The Manatee County Sheriff wore an immaculate white Stetson and a black ribbon across the star on his dark green uniform. He escorted Marvel down wooden steps to the edge of the Manatee River boardwalk where a white-gloved deputy held a shining urn containing the ashes of my father.
The deputy waited with the urn. It flashed in the early light. The Sheriff took it and presented it to Marvel. She placed her hands on it, and their four hands held it together for a few seconds. Marvel took it and turned slowly toward the river with her eyes fixed on the shining metal, as though reading some label only she could see. She rested the urn on the guard rail. The balance seemed precarious, and my heart lurched at the thought a fumble. She gazed across the broad river, perhaps arrested by a memory formed years before on that very spot. All at once she upended the urn over the languid water. She shook it twice, quickly, gently. From up on the river bank, seven service revolvers each fired three times in unison. Marvel flinched at each shot. The sharp reports echoed across the river. A trio of white pelicans near the far bank burst into the air and glided upstream with wingtips skimming the surface of the green-black water. Marvel squinted against the brightness. She wore no sunglasses. The gray remains of my father swirled in the breeze. I imagined a few particles touching her face and wondered if she felt them. Before the ashes had fully merged with the indifferent flow toward the Gulf, she turned away and returned the empty urn to the deputy. The Sheriff presented her with a folded flag and a few quiet words. A mullet jumped high and splooshed back into the river, forever safe from my father’s net.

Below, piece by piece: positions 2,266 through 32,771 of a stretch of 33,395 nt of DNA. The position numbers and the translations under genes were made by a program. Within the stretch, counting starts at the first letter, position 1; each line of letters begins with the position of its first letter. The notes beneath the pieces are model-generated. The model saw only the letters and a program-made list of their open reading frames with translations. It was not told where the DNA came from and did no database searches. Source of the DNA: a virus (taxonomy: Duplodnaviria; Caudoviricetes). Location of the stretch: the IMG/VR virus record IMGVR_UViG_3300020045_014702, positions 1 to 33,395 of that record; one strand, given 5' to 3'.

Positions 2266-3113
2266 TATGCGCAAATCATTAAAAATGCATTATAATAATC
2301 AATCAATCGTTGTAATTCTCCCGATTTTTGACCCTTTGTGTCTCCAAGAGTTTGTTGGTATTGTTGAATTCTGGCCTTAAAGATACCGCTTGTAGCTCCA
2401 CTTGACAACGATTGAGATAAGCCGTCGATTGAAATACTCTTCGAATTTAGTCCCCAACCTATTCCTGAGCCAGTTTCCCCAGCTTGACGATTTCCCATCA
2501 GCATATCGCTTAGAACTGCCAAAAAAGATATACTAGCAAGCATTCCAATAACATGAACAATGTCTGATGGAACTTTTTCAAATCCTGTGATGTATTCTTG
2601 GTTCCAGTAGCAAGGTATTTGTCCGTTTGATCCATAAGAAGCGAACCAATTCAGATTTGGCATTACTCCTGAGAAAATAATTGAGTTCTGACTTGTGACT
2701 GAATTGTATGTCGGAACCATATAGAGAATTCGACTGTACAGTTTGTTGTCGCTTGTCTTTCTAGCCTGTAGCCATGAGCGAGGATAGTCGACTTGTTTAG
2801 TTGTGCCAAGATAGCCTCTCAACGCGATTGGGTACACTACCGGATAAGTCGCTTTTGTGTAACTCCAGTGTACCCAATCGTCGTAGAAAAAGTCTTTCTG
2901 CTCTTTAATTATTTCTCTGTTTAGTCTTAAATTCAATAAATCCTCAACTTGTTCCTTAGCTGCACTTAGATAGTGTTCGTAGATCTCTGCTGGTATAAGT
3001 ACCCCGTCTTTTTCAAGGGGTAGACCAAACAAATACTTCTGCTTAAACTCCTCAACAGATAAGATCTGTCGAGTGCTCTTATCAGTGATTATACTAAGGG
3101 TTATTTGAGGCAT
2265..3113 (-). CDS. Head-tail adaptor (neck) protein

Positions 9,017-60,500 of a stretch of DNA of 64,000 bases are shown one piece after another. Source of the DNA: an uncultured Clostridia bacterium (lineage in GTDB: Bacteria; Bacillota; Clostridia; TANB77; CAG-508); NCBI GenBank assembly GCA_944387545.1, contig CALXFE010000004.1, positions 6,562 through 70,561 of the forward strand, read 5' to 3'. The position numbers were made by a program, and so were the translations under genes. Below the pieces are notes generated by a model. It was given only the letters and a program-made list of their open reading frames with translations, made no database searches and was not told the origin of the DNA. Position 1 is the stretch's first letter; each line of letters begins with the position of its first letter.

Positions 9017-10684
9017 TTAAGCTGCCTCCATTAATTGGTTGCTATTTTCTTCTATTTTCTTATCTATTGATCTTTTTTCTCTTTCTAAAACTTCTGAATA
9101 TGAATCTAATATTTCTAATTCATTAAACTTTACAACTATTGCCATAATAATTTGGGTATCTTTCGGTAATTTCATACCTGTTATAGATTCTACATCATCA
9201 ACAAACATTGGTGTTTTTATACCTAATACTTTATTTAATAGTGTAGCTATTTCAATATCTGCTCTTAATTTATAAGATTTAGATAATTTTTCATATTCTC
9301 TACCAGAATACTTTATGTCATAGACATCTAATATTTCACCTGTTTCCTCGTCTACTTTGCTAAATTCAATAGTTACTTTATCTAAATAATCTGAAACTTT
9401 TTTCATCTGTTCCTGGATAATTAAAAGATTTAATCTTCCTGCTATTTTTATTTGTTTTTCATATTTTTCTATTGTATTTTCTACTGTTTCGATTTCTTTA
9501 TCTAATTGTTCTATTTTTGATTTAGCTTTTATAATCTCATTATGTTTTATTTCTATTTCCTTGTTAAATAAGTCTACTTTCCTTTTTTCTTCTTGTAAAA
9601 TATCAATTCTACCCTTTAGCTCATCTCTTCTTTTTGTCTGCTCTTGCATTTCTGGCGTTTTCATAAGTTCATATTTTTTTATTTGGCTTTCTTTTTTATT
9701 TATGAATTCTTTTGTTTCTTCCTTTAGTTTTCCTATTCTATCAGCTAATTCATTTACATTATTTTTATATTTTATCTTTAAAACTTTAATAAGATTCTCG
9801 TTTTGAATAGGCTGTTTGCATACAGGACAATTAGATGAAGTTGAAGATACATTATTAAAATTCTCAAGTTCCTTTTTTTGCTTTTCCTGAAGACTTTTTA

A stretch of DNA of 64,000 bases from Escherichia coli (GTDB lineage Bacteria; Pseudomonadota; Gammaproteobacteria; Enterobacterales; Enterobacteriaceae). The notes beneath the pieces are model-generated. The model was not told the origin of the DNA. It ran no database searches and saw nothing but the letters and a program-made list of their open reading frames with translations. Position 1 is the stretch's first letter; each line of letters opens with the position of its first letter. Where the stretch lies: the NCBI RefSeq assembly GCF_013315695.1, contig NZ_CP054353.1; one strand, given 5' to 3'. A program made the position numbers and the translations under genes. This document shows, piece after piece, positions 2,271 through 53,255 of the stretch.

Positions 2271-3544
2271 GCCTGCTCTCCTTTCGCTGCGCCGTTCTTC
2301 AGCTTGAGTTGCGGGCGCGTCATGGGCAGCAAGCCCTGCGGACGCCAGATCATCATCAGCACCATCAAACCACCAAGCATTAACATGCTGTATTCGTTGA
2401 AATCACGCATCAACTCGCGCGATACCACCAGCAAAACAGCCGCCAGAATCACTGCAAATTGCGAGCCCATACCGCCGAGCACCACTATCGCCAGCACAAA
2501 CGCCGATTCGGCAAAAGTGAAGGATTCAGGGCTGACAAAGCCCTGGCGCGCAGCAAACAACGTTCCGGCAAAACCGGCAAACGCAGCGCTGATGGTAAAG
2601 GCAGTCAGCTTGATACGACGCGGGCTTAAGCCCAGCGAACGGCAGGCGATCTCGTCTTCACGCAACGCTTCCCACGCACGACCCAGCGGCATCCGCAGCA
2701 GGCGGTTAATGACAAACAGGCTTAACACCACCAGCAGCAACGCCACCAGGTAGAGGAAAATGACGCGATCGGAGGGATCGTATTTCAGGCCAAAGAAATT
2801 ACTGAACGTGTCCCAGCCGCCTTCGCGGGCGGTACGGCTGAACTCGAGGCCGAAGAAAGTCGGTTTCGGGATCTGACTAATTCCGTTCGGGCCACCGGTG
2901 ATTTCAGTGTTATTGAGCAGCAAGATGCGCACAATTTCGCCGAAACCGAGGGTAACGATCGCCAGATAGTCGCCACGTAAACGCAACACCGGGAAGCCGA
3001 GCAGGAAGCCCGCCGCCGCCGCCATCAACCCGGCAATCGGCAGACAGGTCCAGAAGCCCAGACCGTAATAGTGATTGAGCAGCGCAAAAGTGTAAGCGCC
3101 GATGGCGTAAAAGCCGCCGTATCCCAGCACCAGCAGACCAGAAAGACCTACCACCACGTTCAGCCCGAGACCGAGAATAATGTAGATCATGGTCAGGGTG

Marvel clutched the flag to her breast and ascended the steps. The Sheriff stayed close, but her steps were sure. Her cheeks were dry. She did not look back.